The nation increased holdings to 42.4 million ounces from 41.4 million ounces in July, the central bank said on its website Friday. The amount bought was about the same as the 30.5 metric tons that Russia purchased in March, then the highest amount in six months.
Russia, the sixth-biggest holder of the metal, more than tripled its hoard since 2005 and holds the most metal since at least 1993, International Monetary Fund data show. It’s been steadily buying bullion even as international sanctions over the Ukrainian conflict and a plunge in oil prices contributed to a collapse in the ruble. Gold priced in rubles jumped 60 percent in the past year.
“Russia has been building its holdings for a long time now for very political reasons,” Adrian Ash, head of research at BullionVault, said by phone from London. “It shows the emerging-market bid remains strong for gold, which is proving supportive.”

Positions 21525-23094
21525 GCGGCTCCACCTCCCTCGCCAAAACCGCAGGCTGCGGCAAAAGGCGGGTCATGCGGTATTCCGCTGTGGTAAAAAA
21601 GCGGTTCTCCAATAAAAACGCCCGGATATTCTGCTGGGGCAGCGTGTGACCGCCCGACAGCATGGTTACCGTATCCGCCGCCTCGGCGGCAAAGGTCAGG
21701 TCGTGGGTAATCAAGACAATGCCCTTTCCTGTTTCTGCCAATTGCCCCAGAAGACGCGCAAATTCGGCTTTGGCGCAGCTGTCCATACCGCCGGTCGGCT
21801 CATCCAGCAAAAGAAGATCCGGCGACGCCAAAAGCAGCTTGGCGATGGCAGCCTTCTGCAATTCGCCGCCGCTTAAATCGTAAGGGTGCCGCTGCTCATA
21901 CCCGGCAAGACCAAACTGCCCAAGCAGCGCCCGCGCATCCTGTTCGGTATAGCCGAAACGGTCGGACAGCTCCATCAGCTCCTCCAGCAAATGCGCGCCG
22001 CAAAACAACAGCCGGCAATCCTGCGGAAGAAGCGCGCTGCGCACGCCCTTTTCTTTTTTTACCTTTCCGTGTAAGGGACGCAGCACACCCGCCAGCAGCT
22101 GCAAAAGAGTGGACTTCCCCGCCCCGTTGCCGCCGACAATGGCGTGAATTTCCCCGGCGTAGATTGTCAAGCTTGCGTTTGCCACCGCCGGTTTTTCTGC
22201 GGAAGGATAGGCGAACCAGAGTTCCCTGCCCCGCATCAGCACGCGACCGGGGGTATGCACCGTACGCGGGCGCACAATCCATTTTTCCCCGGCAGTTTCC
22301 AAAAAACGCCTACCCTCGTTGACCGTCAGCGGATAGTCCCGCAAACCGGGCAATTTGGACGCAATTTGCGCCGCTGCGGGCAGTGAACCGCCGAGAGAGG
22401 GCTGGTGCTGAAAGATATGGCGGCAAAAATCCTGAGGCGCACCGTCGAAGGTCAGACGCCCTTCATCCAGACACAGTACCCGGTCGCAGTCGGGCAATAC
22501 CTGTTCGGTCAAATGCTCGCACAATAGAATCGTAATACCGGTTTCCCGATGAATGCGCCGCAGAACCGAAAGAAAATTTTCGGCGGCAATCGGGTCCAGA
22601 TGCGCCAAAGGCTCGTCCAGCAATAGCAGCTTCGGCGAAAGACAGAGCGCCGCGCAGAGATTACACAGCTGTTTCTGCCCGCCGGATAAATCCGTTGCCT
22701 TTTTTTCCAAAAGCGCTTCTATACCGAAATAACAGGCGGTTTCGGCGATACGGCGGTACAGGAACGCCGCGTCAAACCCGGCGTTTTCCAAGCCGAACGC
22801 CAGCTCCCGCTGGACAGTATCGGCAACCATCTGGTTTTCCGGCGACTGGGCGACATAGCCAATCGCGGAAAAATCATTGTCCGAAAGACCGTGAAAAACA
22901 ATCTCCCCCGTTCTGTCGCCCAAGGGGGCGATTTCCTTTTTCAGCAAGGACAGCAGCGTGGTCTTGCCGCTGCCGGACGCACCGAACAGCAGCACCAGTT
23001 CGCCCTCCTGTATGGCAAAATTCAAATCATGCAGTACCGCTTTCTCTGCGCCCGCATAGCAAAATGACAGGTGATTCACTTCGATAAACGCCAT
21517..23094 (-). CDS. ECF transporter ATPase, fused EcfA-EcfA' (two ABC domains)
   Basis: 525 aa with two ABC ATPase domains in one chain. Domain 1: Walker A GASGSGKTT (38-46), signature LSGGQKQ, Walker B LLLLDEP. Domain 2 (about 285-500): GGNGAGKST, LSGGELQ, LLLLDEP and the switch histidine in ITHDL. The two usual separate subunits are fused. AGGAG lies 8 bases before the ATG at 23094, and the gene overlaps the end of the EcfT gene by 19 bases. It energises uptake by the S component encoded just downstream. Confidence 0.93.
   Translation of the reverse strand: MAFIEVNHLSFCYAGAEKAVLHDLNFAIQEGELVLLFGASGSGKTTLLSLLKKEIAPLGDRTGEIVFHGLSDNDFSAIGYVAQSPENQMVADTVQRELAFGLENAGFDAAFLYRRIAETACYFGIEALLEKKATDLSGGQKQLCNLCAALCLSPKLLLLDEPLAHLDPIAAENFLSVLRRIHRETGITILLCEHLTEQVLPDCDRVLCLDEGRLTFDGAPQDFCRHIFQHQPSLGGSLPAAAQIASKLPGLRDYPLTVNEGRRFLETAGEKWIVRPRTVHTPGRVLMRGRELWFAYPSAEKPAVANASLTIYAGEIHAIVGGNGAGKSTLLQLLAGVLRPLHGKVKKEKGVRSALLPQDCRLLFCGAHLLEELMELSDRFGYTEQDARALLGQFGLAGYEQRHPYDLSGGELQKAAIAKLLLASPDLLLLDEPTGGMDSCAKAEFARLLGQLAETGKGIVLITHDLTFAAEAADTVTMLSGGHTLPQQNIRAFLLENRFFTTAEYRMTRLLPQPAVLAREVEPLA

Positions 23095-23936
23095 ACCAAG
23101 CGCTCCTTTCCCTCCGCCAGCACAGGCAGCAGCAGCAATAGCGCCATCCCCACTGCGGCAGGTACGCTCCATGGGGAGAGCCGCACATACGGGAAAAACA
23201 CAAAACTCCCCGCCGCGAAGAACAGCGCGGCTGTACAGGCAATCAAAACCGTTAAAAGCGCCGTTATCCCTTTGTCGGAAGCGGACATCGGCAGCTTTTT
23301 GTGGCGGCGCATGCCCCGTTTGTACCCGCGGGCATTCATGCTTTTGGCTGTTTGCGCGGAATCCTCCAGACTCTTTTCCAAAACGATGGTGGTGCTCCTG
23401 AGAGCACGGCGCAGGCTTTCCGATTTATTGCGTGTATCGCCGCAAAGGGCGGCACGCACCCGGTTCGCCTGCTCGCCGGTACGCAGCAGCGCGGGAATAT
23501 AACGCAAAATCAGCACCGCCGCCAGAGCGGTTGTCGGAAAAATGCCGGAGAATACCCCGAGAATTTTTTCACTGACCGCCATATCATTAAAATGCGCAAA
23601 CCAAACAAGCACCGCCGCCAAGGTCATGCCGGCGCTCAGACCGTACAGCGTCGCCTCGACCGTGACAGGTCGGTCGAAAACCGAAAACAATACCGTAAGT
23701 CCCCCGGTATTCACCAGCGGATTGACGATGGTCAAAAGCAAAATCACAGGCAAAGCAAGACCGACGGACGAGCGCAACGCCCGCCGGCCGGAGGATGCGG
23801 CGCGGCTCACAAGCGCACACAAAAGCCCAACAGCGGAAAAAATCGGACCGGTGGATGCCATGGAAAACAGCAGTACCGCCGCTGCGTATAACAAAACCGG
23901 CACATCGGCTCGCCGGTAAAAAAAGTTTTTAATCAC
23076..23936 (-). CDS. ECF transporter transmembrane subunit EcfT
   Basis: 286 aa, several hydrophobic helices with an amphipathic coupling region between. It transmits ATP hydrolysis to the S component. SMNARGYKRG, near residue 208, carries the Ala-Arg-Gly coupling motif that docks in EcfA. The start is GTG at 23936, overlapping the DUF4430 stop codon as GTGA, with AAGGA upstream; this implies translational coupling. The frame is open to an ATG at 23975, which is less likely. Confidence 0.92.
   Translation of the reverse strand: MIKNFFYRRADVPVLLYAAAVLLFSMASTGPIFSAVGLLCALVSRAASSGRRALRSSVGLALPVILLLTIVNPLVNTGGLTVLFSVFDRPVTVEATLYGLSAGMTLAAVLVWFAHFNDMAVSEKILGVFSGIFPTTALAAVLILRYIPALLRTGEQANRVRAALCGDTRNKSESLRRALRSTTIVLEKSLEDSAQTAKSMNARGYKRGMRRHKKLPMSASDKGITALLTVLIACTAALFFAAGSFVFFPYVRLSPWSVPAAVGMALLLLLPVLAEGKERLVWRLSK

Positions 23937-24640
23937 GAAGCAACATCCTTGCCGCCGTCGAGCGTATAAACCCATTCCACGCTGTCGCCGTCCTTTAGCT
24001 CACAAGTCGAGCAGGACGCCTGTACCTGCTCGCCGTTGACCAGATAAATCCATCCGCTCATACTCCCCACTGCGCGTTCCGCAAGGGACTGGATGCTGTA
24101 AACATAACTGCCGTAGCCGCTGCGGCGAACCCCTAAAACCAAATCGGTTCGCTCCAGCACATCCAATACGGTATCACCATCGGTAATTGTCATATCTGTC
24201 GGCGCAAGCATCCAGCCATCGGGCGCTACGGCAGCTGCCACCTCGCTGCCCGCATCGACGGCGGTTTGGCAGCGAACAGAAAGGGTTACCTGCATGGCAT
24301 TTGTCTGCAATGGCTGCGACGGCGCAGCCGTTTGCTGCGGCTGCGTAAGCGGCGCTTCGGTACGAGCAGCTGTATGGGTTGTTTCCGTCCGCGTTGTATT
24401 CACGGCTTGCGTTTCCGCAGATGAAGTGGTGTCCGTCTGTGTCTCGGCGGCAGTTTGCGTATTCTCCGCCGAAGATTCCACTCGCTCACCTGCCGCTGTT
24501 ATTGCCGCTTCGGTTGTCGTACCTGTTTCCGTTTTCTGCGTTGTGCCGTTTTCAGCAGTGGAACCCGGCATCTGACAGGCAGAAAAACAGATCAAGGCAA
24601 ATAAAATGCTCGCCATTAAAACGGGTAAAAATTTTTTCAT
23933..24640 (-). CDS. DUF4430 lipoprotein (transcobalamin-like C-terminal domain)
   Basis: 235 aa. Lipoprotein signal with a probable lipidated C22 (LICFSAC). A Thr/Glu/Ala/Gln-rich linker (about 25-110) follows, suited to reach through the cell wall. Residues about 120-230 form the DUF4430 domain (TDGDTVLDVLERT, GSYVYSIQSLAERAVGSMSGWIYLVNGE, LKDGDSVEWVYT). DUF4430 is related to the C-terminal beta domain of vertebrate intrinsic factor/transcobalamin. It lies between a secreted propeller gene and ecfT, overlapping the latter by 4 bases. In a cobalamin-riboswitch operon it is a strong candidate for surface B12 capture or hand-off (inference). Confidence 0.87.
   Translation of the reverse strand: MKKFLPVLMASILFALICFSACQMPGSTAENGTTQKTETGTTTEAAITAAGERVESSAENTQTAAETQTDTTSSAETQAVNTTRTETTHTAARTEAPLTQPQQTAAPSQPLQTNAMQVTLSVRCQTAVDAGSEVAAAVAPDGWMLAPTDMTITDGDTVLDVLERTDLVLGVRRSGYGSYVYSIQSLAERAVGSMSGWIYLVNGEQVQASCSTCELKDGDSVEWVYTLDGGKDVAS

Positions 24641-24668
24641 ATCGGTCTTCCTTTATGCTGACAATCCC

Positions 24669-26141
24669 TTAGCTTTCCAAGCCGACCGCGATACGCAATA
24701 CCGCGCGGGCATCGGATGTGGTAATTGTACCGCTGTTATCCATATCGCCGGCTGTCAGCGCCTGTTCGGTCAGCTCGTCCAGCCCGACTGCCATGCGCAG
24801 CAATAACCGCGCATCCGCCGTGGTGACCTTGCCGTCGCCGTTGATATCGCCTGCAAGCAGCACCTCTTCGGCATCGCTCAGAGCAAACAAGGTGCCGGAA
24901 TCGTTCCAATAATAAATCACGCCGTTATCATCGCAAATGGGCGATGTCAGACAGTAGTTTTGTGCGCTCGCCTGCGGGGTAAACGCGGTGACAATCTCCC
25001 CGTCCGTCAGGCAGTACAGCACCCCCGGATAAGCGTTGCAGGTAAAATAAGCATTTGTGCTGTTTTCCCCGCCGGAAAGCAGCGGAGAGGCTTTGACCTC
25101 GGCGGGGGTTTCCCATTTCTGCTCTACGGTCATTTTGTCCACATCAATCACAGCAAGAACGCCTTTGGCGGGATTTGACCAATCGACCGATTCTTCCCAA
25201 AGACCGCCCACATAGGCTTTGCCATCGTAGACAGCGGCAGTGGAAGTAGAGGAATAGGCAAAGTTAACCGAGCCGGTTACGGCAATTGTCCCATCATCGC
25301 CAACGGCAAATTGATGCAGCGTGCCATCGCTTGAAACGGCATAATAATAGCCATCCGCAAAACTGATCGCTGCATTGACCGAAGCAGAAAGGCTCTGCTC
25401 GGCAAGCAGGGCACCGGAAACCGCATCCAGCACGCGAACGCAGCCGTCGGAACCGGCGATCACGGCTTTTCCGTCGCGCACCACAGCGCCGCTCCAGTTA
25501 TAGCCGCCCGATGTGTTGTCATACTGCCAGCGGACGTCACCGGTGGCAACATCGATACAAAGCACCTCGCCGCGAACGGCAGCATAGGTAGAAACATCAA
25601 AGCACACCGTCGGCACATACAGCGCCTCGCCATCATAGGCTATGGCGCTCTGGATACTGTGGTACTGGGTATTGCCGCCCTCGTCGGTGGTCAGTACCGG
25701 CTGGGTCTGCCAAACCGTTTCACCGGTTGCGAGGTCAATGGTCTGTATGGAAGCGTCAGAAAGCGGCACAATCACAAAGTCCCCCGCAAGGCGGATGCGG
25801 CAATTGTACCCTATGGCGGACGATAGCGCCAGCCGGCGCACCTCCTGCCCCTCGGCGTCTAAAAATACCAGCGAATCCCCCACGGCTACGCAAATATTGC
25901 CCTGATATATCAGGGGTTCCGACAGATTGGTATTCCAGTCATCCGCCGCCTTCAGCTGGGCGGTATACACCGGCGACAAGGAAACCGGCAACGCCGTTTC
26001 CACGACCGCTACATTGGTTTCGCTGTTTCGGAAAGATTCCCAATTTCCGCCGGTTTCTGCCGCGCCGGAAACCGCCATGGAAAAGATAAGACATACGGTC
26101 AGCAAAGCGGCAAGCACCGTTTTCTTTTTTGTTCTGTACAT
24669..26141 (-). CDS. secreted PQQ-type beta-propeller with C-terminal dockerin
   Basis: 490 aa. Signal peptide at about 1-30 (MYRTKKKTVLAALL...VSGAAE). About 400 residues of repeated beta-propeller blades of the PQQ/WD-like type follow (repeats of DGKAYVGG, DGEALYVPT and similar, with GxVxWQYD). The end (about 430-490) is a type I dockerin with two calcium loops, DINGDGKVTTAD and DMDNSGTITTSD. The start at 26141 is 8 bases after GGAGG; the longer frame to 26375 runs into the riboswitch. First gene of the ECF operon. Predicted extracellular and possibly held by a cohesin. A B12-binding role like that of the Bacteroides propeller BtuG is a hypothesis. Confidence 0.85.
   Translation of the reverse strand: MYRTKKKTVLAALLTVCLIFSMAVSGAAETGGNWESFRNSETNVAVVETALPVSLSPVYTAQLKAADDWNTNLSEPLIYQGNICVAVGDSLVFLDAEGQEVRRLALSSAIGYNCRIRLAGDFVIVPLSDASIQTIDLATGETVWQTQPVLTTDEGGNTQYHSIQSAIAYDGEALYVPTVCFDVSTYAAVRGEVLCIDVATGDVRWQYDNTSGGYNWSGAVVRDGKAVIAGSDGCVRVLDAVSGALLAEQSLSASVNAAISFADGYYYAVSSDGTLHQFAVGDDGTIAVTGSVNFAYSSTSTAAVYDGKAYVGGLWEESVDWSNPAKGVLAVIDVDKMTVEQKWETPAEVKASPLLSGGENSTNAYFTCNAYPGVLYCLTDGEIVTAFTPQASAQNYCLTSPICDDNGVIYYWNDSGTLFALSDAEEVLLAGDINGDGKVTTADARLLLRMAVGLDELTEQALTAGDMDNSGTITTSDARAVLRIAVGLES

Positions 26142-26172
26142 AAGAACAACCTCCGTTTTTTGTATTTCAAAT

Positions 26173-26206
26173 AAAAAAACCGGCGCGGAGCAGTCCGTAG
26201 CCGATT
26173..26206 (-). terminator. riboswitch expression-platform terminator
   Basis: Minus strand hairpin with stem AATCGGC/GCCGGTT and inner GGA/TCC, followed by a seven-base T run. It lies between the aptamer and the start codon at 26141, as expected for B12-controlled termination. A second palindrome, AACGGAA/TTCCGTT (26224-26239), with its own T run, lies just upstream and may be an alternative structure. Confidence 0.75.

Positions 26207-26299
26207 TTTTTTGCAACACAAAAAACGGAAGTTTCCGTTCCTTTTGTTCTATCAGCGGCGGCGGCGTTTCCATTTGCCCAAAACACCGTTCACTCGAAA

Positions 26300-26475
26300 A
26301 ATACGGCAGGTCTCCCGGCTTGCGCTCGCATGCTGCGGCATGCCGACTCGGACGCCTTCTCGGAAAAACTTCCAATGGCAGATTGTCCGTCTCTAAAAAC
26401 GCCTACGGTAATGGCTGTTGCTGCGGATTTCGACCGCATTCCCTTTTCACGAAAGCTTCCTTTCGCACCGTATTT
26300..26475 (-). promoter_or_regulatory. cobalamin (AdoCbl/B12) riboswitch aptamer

Russia added about 13 tons in July and 24 tons the month before that. China, Kazakhstan, Ukraine and Belarus are among other nations that have been accumulating gold.
Gold for immediate delivery has dropped 3.7 percent this year to $1,140.70 an ounce in London. Prices are heading for a third annual decline as the Federal Reserve moves closer to raising interest rates, diminishing bullion’s allure because the metal doesn’t pay interest, unlike some competing assets.
Gold remains a large part of many central banks’ reserves, decades after they stopped using it to back paper money. Nations globally have expanded holdings in the past few years, a reversal from two decades of selling since the late 1980s.